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Credit: Tyler Kliem

A few weeks ago, the College Dean’s Advisory Board hosted the event “Deconstructing the Penn Face.” A panel of upperclassmen shared advice about navigating “Penn Face” and the challenges they’ve encountered. The design of the flyers promoting the event made the focus clear. The phrase “Penn Face” was in large print at the top, and “discussing mental wellness and how to thrive at Penn,” although arguably more important, was in small font at the bottom. Though a simple example, that flyer represents how we, as a school, view Penn Face: the center of our conversations about mental wellness.

Although no formal definition exists, Penn Face is understood as the tendency for Penn students to act as if their lives, both academic and social, are perfect. Penn Face leads you to believe that a classmate has stellar grades, amazing friends, and great mental health. In other words, they have put on an act that makes their life seem free of stress, anxiety, or challenges.

I was warned about Penn Face before I even stepped foot on campus. Penn Face unnecessarily scares incoming first years and conditions us to conform. A student new to Penn is left thinking: if everyone else will be hiding behind their Penn Face, why shouldn’t I? Instead of using Penn Face to describe what incoming first years should expect, the message should be realistic yet encouraging. Yes, there are going to be challenges during your time at Penn, but there will also be resources available to tackle those challenges.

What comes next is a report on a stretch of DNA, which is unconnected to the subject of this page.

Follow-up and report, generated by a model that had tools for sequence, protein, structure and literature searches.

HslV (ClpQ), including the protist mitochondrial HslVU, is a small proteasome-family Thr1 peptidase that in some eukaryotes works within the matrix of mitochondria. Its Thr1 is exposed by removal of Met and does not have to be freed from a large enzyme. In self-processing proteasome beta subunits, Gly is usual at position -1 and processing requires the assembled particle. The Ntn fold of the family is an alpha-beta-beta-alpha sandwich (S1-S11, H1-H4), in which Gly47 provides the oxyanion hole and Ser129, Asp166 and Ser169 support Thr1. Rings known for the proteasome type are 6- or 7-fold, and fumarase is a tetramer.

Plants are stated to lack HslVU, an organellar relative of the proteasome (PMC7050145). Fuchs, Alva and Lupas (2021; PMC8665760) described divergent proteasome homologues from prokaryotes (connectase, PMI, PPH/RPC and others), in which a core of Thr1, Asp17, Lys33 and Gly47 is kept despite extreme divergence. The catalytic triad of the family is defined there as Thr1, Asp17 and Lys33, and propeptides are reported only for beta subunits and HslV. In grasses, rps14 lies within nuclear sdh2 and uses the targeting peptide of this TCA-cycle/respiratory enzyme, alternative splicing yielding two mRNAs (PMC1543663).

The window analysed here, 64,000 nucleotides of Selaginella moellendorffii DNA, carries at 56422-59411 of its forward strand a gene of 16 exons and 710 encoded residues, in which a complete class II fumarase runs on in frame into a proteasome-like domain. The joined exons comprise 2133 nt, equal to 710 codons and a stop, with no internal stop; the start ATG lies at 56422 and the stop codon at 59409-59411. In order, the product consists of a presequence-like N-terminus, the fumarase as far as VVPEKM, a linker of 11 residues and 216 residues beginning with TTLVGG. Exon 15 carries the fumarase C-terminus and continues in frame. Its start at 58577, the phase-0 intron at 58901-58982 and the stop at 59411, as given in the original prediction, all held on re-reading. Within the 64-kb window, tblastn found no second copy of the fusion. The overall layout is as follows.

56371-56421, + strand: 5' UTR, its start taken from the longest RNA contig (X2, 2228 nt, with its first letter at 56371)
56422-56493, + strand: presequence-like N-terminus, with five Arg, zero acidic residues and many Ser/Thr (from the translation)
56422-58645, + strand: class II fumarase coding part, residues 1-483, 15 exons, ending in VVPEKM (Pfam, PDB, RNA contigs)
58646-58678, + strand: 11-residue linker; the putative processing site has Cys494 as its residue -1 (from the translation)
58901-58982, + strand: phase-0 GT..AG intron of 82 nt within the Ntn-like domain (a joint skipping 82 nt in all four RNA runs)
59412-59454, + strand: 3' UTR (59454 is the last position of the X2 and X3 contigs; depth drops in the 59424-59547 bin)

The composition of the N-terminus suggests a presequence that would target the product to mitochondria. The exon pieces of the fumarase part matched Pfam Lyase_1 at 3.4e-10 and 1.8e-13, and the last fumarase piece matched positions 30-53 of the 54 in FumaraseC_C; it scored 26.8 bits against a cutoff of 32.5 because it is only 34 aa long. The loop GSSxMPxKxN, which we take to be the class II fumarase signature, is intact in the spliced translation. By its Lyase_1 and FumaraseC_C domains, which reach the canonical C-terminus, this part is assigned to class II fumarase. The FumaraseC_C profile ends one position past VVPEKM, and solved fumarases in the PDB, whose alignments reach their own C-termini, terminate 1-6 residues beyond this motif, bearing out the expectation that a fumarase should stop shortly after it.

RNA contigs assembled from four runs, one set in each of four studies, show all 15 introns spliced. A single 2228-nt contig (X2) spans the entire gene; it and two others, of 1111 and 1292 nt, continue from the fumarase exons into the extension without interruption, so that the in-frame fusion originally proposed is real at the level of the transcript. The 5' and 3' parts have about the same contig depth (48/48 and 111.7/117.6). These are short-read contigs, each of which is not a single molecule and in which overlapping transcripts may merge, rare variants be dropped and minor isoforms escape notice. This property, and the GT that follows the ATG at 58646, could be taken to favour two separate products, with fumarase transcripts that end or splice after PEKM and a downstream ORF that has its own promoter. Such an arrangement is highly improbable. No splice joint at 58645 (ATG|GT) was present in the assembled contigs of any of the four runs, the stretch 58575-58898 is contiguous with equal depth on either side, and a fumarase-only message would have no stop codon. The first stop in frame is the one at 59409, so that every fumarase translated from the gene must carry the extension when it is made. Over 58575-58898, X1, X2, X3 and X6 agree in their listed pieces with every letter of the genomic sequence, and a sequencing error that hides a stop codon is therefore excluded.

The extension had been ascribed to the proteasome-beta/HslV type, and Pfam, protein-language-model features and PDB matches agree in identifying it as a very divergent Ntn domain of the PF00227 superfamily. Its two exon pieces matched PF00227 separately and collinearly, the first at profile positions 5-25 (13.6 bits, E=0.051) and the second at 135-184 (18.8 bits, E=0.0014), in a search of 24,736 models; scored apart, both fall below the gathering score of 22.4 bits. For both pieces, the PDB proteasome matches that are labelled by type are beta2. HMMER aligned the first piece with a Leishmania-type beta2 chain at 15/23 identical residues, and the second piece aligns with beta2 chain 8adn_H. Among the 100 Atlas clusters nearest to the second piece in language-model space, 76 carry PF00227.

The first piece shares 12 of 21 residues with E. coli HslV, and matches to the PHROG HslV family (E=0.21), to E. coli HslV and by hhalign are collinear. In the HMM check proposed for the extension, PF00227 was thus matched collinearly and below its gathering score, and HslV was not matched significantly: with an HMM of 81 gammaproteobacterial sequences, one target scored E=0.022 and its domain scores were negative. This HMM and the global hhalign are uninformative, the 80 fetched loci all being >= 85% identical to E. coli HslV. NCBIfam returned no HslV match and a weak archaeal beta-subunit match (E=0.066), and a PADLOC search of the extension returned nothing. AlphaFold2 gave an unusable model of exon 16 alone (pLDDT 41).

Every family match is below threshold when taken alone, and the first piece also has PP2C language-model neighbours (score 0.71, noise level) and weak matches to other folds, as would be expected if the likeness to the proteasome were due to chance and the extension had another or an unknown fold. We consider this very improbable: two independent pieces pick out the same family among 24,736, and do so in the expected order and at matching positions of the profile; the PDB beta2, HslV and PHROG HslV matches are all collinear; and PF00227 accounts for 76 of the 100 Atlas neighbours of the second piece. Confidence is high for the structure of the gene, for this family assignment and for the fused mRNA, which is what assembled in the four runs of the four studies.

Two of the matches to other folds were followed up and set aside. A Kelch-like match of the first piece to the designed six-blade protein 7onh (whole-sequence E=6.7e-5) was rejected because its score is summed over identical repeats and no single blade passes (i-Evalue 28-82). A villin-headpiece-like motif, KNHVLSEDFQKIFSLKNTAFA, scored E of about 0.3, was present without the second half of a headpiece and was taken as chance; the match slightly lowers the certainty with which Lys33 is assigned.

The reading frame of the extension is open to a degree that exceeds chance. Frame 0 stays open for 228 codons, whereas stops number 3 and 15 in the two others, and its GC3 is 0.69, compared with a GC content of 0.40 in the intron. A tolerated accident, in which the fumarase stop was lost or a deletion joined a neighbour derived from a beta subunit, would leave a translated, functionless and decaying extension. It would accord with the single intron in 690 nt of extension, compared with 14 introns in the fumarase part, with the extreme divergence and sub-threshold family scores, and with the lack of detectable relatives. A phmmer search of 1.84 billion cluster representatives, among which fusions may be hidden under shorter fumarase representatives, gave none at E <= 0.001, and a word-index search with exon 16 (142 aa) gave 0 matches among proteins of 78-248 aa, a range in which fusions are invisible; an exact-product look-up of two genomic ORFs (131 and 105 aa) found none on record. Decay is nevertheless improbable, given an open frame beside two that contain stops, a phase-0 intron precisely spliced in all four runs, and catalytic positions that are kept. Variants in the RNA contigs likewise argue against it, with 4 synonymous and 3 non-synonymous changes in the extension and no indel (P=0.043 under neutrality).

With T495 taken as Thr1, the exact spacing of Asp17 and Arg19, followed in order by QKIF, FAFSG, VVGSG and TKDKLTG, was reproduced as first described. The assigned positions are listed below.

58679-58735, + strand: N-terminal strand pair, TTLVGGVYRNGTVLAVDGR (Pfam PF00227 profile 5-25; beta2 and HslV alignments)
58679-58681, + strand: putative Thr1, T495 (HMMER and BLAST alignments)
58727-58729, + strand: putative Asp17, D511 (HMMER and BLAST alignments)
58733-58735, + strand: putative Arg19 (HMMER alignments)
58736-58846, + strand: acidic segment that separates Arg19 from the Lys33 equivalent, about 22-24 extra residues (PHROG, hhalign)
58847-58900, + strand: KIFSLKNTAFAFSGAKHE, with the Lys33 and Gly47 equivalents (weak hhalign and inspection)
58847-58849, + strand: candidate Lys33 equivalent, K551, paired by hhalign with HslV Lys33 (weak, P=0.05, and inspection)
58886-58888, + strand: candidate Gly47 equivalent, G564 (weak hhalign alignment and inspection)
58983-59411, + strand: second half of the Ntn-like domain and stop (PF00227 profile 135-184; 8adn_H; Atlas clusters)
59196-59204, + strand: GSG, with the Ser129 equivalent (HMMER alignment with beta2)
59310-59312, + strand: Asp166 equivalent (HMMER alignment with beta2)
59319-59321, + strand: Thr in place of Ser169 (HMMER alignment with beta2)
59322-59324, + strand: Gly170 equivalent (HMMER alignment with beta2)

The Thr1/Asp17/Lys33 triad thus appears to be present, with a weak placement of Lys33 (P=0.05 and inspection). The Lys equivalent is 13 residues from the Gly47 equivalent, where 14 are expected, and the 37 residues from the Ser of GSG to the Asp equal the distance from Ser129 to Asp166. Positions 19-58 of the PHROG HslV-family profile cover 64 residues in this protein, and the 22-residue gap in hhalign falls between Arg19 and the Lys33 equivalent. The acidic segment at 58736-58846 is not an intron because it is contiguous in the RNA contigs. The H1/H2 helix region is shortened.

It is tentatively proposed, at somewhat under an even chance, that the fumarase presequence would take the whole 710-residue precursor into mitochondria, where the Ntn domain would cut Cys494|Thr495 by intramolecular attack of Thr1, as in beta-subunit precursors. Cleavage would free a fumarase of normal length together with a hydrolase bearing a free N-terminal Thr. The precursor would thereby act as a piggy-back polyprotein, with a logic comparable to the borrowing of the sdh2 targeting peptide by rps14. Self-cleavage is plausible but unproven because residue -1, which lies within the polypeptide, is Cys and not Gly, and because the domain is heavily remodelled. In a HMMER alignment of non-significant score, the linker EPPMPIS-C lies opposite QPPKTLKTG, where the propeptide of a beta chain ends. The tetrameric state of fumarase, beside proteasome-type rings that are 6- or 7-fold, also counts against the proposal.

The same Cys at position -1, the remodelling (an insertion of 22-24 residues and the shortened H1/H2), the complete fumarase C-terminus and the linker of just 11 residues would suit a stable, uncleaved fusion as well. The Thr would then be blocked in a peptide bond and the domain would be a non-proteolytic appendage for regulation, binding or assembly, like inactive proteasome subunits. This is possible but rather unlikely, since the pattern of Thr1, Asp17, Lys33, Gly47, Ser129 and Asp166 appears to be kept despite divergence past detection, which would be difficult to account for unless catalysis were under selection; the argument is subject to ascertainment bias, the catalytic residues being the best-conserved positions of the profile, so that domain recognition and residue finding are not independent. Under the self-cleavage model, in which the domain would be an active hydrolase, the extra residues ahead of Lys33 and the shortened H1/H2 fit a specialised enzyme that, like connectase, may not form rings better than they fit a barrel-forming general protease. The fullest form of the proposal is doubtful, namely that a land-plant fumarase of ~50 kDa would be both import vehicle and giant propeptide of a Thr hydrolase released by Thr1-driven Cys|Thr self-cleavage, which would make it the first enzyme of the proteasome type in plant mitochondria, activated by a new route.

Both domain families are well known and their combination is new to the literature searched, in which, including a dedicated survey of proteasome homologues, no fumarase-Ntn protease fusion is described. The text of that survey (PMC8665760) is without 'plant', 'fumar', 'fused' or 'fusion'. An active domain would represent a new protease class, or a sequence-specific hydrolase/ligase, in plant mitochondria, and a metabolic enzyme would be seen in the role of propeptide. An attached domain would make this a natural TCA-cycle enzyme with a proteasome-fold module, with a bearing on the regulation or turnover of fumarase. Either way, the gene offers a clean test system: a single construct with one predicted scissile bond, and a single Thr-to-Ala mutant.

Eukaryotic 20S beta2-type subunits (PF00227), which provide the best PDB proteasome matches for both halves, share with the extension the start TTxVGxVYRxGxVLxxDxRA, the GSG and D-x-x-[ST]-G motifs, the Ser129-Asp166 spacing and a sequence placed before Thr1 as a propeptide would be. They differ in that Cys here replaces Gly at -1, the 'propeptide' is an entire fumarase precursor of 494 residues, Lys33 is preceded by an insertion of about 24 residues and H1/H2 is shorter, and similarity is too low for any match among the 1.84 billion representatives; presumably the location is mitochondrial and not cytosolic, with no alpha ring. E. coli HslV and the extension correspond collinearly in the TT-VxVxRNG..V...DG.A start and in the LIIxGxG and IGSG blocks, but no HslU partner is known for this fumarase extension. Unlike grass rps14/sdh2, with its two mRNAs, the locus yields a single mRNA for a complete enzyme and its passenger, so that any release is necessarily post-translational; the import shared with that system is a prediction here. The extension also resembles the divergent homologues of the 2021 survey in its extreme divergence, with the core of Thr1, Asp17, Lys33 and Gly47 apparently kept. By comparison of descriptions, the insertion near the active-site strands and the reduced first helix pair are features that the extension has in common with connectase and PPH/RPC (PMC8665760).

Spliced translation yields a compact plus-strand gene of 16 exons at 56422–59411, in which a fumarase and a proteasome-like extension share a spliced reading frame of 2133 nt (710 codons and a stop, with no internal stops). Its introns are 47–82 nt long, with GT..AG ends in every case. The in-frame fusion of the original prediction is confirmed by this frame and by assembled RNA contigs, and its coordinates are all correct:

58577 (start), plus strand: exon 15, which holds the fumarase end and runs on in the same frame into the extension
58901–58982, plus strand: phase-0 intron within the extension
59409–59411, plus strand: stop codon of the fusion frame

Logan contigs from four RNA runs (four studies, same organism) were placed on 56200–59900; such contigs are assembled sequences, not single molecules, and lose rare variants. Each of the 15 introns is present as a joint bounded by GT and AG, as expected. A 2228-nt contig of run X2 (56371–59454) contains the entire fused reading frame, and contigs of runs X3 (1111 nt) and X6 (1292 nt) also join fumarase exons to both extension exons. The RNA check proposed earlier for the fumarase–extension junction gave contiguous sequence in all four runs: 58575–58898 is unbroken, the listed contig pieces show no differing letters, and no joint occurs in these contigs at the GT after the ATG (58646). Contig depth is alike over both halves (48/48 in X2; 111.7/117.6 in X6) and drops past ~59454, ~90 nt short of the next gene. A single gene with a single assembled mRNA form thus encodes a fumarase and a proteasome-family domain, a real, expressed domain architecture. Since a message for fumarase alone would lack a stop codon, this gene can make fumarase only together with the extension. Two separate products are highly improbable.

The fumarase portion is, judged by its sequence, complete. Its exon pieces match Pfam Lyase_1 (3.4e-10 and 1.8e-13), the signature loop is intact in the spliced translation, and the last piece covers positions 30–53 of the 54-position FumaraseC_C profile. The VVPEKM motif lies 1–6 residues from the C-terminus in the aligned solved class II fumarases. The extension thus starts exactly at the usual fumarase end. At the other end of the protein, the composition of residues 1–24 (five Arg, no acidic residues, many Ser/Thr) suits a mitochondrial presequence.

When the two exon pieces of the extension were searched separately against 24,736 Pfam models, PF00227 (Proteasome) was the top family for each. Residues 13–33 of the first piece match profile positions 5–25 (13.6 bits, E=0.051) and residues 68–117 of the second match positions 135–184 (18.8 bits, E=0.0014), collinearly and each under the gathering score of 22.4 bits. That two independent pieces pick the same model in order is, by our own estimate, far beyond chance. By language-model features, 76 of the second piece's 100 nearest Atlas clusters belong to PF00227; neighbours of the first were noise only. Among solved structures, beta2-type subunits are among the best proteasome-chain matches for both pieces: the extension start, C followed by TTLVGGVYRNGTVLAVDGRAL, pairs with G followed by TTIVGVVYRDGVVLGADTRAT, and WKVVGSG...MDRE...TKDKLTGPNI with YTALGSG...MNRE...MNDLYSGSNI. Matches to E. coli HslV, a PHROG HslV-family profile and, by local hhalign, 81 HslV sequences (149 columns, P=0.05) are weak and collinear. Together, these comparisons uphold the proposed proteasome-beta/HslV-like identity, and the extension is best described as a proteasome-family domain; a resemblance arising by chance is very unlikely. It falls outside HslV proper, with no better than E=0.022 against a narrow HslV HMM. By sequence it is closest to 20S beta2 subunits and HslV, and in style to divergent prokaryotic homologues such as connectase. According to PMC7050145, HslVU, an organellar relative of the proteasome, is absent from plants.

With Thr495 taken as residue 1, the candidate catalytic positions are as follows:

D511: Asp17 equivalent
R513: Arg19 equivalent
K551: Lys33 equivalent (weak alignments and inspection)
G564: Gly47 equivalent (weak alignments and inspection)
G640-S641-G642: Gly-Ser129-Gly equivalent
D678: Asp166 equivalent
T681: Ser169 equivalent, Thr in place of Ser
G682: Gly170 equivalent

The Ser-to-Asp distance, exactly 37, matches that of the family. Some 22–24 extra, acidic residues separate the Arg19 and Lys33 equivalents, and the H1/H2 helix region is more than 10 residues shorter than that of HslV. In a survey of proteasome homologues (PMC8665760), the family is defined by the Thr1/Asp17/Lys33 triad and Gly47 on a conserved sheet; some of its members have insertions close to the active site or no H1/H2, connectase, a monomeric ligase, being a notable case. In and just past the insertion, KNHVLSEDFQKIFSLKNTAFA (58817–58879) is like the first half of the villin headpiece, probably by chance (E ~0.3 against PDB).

As Penn students, we like to think we are unique. When it comes to Penn Face, we are not. Stanford has “duck syndrome.” Duke and Princeton have "effortless perfection." People present a façade of their lives. Lack of mental health awareness is a problem beyond college campuses. We do ourselves no favors by attributing this problem to only Penn.

In 2015, the Undergraduate Assembly launched a website called Penn Faces “to deconstruct the Penn Face” by giving students a platform to share their stories and experiences, both positive and negative. Since 2016, the College Dean’s Advisory Board has hosted the “Deconstructing the Penn Face” event annually. In 2017, Wharton hosted a similar event as a “fireside chat.” With each passing year, the message remains the same: Penn Face is bad, but, if we talk about it, things will get better.

In a 2017 sidebar poll, 81% of students responded “no” when asked if Penn is doing enough to combat Penn Face. How can we expect Penn to effectively solve a problem we have already decided is part of who we are? We are binding ourselves to the idea of what Penn is instead of focusing on what Penn can be. If the conversation around Penn culture constantly revolves around Penn Face, it becomes difficult to make progress. Instead of dwelling on Penn Face, we can simply talk about mental health and wellness.

If we want to truly deconstruct Penn Face, we have to start with the name itself. We must be intentional with our language and reframe how we speak and think about Penn’s culture. Penn Face has a negative connotation. It’s associated with feeling inadequate, stressed, or unhappy, and nevertheless, the pressure to pretend those feelings don’t exist. Instead of saying Penn Face, why not talk about the pressure of perfection? Instead of deconstructing Penn Face, why not deconstruct mental health? Penn Face only has the power we give it. Let’s stop giving it power. 

YOMI ABDI is a Wharton first year studying finance from Chicago. Her email is